The Case of the Missing Cup

Just a few weeks ago I posted a story on Sepia Saturday about a flagpole. (see "From Schooner to Flagpole") It's a story about how the main boom from a famed fishing schooner became a flagpole in the coastal city of Newburyport, Massachusetts.

Gertrude L. Thebaud
Fishing Schooner Gertrude L. Thebaud
Photo: Boston Public Library - Flickr
The main boom, now flagpole, came from the schooner Gertrude L. Thebaud. She was built in 1930 in the little hamlet of Essex, Massachusetts. If you have ever been through Essex you might agree, it would be hard to believe that a boat of the size of a schooner could be launched into the little marsh creek that runs through town, but it happen. The Thebaud was built in for one specific purpose. She was to defeat the Gloucester schooner fisherman's rival; the Bluenose of Nova Scotia.

The Canadians had defeated the Gloucester fisherman several times over the course of the rivalry dating back to 1921. The Bluenose seemed unstoppable. The Gertrude L. Thebaud defeated the Bluenose in their first competition in 1930, however she was not able to win again in 1931 and 1938.

The International Fishermen's Cup trophy however did its own bit of travelling. It was brought to Boston aboard the Bluenose to be ready when a winner was declared in the 1938 races off of Gloucester and Boston. A local department store proudly displayed the silver cup in its show windows.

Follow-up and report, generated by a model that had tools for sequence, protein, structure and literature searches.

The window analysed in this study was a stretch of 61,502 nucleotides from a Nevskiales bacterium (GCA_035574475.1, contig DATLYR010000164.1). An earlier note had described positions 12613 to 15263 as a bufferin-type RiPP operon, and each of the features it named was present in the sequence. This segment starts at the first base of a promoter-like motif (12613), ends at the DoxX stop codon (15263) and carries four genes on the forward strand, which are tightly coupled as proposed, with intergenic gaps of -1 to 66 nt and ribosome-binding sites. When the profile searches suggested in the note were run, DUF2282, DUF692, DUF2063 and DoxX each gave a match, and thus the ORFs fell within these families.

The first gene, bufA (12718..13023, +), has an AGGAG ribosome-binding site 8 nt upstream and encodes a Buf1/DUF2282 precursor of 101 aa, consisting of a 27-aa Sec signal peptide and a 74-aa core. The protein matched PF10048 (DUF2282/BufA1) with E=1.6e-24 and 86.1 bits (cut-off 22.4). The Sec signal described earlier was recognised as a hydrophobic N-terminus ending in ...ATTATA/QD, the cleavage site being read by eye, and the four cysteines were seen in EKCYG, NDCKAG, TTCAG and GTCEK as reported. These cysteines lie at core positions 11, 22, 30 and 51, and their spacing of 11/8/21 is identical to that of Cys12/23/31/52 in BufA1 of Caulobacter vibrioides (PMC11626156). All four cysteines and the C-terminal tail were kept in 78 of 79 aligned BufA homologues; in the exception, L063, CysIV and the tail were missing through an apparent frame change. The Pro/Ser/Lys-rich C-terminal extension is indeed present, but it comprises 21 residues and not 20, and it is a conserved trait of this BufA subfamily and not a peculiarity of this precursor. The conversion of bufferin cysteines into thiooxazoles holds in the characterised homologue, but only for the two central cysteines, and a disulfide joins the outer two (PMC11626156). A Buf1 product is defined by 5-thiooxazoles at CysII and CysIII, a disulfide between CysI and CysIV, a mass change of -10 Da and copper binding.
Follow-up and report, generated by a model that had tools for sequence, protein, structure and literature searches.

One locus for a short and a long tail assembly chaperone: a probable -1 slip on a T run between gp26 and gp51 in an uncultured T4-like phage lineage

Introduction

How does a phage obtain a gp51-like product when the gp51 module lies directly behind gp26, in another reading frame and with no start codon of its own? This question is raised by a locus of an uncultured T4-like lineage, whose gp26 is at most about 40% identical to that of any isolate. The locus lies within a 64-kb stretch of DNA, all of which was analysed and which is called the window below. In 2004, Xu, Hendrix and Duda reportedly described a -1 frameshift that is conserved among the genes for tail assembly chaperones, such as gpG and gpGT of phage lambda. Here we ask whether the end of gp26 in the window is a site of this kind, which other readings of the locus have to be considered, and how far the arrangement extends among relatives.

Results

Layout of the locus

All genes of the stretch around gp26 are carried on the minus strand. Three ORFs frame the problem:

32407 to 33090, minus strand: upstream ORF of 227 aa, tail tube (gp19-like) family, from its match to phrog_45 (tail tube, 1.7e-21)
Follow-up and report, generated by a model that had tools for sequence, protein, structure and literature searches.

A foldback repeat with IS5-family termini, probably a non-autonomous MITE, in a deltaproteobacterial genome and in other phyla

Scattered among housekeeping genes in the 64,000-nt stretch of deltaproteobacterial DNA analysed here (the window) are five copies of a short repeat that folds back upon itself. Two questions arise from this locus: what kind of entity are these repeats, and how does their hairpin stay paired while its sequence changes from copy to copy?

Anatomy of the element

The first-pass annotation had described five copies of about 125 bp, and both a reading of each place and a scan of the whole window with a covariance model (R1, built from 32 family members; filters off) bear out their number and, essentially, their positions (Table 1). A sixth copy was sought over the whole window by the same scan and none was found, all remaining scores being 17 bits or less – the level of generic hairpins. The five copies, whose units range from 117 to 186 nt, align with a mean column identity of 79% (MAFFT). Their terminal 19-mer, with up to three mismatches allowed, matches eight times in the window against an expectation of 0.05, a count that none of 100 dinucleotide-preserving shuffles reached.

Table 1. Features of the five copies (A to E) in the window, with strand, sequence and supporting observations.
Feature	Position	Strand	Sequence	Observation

Captain Angus Walters International Fisherman's Trophy
Captain Angus Walters
International Fisherman's Trophy
When the time came to present the cup to the Bluenose crew, who won two out of  the three races, the trophy turned up missing. The Canadians were furious. Captain Angus Walters ordered the Bluenose to sail for Nova Scotia before, "it too came up missing." They sailed even before the engines were reinstalled. The cup's insurer offered a $500 dollar reward but no one came forward.

The errant trophy finally resurfaced a few weeks later. It was found early on Halloween morning on the steps of the orphanage, New England Home for Little Wanderers. The matron of the orphanage was puzzled as she unwrapped the lovingly prepared package. Inside the basket, next to the swaddled glimming cup, was a bottle of cod liver oil and a poem scrawled on a piece of paper:
Here's to Angus, good old sport,
Whose challenge sort of takes us short,
Give us a gale that blows at thirty,
And we'll bet our shirts on little Gertie.
The Fisherman's Trophy eventually made it's way back to Nova Scotia. As you can see by the final photo, it's proudly displayed in the Fisheries Museum of the Atlantic in Lunenburg, NS. Due to the impending World War schooner racing stopped and the Fisherman's Trophy was never awarded again.

Bluenose Exhibit Fisheries Museum of the Atlantic
Bluenose Exhibit
Fisheries Museum of the Atlantic

Race your schooner over to Sepia Saturday.
There may be a trophy quality post waiting there for you to see. Just click here.


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